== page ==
“This ill-informed legislation requires people with disabilities to jump through numerous procedural hoops before they can commence a lawsuit to protect their rights.  It also removes any reason for businesses to proactively comply with the ADA. Instead of ensuring that people with disabilities have access, as the law requires, businesses will likely wait until a customer confronts an obstruction and has completed the detailed notification process.”

It should not be the job of customers with disabilities to inform business owners they are violating the law, and it should not be the case that barriers are only removed when a victim says so. It doesn’t work that way in other scenarios.  In a restaurant, health violations do not merely start being corrected when a customer says they got sick. They are enforced regularly, whether someone complains of any violations or not. There doesn’t appear to be any reason why businesses failing to uphold a law that is nearly 30 years old, should be given such leeway.  The reasonable conclusion is that, to the sponsors of HR 620, we are annoying whiners getting in the way of their business conduct and deserve to be shoved to the side.

But the potential 180 day period before the enforcement of the ADA is not the only glaring flaw in the bill. The ACLU continues,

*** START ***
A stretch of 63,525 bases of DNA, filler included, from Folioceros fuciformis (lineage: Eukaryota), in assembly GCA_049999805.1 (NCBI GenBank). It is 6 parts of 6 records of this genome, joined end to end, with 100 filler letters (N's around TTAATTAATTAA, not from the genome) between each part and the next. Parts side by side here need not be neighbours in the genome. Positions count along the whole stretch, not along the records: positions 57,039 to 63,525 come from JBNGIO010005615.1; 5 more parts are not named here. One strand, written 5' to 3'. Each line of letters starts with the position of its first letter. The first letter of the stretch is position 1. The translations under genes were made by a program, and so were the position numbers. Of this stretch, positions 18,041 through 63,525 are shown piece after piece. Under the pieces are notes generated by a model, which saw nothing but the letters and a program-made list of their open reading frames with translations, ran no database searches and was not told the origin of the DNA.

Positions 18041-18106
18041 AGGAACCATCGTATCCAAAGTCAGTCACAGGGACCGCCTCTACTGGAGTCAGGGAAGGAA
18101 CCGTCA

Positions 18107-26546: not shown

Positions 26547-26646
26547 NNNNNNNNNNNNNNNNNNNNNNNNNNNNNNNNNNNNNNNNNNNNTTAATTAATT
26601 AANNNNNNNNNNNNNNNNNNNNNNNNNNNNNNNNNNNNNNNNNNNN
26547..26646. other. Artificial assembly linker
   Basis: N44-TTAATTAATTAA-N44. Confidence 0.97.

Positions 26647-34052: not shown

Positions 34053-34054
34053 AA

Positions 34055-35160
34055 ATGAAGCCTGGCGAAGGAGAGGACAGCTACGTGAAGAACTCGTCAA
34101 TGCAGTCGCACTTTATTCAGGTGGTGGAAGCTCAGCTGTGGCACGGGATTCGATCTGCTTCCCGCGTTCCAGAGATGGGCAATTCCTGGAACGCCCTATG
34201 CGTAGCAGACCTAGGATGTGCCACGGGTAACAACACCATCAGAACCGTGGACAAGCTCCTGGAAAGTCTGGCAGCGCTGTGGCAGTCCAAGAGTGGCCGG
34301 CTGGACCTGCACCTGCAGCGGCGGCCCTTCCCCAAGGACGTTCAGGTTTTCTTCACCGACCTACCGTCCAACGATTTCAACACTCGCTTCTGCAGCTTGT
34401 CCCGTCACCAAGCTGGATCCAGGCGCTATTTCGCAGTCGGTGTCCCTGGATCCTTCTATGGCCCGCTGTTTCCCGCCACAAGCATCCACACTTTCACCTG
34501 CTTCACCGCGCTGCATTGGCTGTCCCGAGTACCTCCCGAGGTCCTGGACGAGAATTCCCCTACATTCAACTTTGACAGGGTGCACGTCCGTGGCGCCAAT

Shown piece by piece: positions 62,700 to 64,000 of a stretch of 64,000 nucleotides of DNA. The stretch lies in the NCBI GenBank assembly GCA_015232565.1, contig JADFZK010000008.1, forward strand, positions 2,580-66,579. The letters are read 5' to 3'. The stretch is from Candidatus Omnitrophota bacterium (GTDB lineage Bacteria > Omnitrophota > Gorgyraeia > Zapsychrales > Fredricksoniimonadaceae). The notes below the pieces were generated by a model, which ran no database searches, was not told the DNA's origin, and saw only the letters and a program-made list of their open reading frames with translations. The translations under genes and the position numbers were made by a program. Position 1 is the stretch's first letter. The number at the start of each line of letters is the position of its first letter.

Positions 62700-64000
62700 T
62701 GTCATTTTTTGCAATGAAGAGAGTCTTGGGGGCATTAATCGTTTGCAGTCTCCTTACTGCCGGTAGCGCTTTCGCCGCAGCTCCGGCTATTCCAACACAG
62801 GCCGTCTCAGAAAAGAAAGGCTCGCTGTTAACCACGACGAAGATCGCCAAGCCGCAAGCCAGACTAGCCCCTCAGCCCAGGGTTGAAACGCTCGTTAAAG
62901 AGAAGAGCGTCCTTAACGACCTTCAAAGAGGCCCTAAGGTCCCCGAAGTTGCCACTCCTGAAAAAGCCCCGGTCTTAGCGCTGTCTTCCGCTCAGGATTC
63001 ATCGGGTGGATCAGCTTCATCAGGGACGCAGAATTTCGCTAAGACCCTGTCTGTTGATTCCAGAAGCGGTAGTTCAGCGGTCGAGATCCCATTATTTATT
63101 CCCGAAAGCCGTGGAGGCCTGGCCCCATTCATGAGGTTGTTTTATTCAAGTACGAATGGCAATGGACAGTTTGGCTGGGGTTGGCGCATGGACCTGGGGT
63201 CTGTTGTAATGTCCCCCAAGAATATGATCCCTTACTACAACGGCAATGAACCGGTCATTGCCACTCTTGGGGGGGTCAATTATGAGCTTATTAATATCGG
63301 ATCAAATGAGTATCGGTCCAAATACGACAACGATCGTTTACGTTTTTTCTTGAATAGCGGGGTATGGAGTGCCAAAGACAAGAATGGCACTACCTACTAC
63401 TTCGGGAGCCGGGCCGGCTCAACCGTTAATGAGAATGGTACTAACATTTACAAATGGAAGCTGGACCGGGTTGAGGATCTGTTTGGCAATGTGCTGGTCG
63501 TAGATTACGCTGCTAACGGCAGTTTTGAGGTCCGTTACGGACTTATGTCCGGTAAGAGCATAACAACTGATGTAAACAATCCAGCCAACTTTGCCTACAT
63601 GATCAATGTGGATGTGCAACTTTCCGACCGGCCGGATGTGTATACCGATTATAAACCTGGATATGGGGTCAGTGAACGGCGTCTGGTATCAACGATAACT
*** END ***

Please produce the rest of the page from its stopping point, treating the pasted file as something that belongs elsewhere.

“Even then, the only action the business is required to make is ‘substantial progress’ in removing the barrier described in the notice. A business could wait years without actually removing barriers and face no penalty, as long as it can show ‘substantial progress’ was made.” The ambiguity of that provision is very troubling, and the ACLU is clear about why it worries them.

“There would be no incentive for a business to learn about ADA compliance and take steps prior to notification. ‘Wait and see’ would become the norm.”

This is yet another way we would be spun in circles until we are too dizzy to sue. A person with a disability could sue an establishment, and the establishment could follow every provision of the ADA “reform” bill after a complaint, show “substantial progress” that does not include removal of the barriers in question, and there would be nothing a plaintiff could really do about it. The process would be over. What good does this bill do aside from letting people get away with violating the rights of people with disabilities?

The ACLU is even clearer in responding to one of the proponents’ favorite talking points, namely that the bill curbs frivolous lawsuits.  As the ACLU explains,

“There are no damage awards.  Once a business removes the barrier in question, legal claims challenging that barrier under Title III no longer exist. Some state laws, however, do authorize money damages for non-compliance. Amending the federal ADA, as this bill does, will have no effect on lawsuits seeking damages under those state laws.” So, monetary damages only go into effect when a business does not later comply with the law. If any barriers are removed, no business would ever need to give up any money. All House Resolution 620 can possibly do is give businesses an excuse to violate the rights of patrons with disabilities. We deserve much better.

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Disability in Focus